In what could be a historical milestone related to the Fukushima nuclear power plant meltdown in March 2011, plant operator Tokyo Electric Power Co (TEPCO) has been slapped with a lawsuit by no other than a worker who used to work in the crippled facility.
The 48-year-old worker, part of a 6-man team sent to lay electric cables at the basement of the No. 3 reactor turbine building 13 days after the disaster, wants a compensation of 11 million yen ($110,000) from TEPCO.
“I wish (the utility) had informed us of possible risks in advance,” Japanese newspaper Asahi Shimbun quoted the man as saying at a news conference in Tokyo. “I want (TEPCO) to create safer conditions for workers because the decommissioning of the reactors will not finish anytime soon.”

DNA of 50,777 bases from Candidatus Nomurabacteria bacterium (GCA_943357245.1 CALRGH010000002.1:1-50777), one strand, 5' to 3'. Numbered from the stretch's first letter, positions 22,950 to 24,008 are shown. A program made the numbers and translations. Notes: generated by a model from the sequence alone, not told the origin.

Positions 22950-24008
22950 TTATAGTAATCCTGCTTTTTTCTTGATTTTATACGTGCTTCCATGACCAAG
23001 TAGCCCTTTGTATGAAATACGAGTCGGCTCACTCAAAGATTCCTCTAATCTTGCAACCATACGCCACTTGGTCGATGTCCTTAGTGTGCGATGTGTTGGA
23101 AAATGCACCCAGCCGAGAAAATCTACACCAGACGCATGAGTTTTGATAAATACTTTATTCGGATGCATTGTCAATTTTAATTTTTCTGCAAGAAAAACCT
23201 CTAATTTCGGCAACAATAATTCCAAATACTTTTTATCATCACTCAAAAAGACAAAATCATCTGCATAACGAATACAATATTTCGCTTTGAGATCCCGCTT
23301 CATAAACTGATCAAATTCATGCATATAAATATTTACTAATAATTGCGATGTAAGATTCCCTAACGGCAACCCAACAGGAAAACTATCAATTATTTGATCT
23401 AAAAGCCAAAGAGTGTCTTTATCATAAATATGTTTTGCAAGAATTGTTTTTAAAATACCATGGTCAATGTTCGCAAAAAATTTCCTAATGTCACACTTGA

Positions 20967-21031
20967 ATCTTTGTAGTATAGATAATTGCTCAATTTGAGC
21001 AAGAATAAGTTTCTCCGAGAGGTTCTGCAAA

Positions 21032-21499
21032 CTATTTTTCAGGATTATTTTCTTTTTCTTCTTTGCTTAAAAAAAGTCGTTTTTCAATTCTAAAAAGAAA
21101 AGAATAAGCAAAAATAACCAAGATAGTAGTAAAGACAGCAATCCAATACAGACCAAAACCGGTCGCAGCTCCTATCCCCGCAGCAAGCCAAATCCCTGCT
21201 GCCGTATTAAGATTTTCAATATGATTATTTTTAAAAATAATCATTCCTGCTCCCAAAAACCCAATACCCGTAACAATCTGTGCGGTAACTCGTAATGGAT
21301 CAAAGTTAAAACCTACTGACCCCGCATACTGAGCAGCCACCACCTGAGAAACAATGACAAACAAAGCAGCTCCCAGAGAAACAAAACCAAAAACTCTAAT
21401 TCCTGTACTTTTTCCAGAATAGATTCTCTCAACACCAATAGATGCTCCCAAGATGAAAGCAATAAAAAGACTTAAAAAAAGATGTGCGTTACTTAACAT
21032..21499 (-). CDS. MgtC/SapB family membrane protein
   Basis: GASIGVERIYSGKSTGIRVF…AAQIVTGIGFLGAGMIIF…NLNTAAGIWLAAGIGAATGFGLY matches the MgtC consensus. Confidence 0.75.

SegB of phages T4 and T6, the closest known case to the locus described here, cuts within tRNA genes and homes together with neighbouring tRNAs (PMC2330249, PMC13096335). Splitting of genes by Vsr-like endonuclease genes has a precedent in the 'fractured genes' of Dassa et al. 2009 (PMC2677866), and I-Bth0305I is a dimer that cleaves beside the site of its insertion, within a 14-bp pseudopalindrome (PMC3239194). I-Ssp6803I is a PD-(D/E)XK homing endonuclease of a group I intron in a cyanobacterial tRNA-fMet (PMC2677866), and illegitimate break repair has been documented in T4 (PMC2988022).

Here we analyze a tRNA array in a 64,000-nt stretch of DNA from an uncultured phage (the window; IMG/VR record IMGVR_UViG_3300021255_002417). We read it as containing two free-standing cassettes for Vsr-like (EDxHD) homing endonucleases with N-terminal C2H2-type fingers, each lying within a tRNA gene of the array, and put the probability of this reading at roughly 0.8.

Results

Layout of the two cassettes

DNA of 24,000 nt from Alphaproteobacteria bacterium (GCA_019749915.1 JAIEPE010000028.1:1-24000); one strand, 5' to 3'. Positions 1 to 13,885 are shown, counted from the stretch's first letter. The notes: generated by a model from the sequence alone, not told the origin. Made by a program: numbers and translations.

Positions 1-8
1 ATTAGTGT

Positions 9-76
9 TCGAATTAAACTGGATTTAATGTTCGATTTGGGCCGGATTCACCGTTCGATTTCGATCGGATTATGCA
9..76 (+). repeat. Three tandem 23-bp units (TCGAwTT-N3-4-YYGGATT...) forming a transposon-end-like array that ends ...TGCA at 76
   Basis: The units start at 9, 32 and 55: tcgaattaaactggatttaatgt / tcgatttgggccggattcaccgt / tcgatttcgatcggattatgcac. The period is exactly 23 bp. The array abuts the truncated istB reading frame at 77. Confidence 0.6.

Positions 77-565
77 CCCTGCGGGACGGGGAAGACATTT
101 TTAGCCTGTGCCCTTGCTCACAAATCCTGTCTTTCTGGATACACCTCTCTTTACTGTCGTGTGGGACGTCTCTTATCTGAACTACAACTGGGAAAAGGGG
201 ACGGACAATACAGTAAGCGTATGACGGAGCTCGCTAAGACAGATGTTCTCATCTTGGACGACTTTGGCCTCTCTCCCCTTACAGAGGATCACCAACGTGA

The complainant asked to be identified only by his first name, Shinichi, wary of the social stigma that he could create because of potentially upsetting the social order in Japan.
The lawsuit, filed at the Iwaki branch of the Fukushima District Court, was the very first made by a Fukushima worker.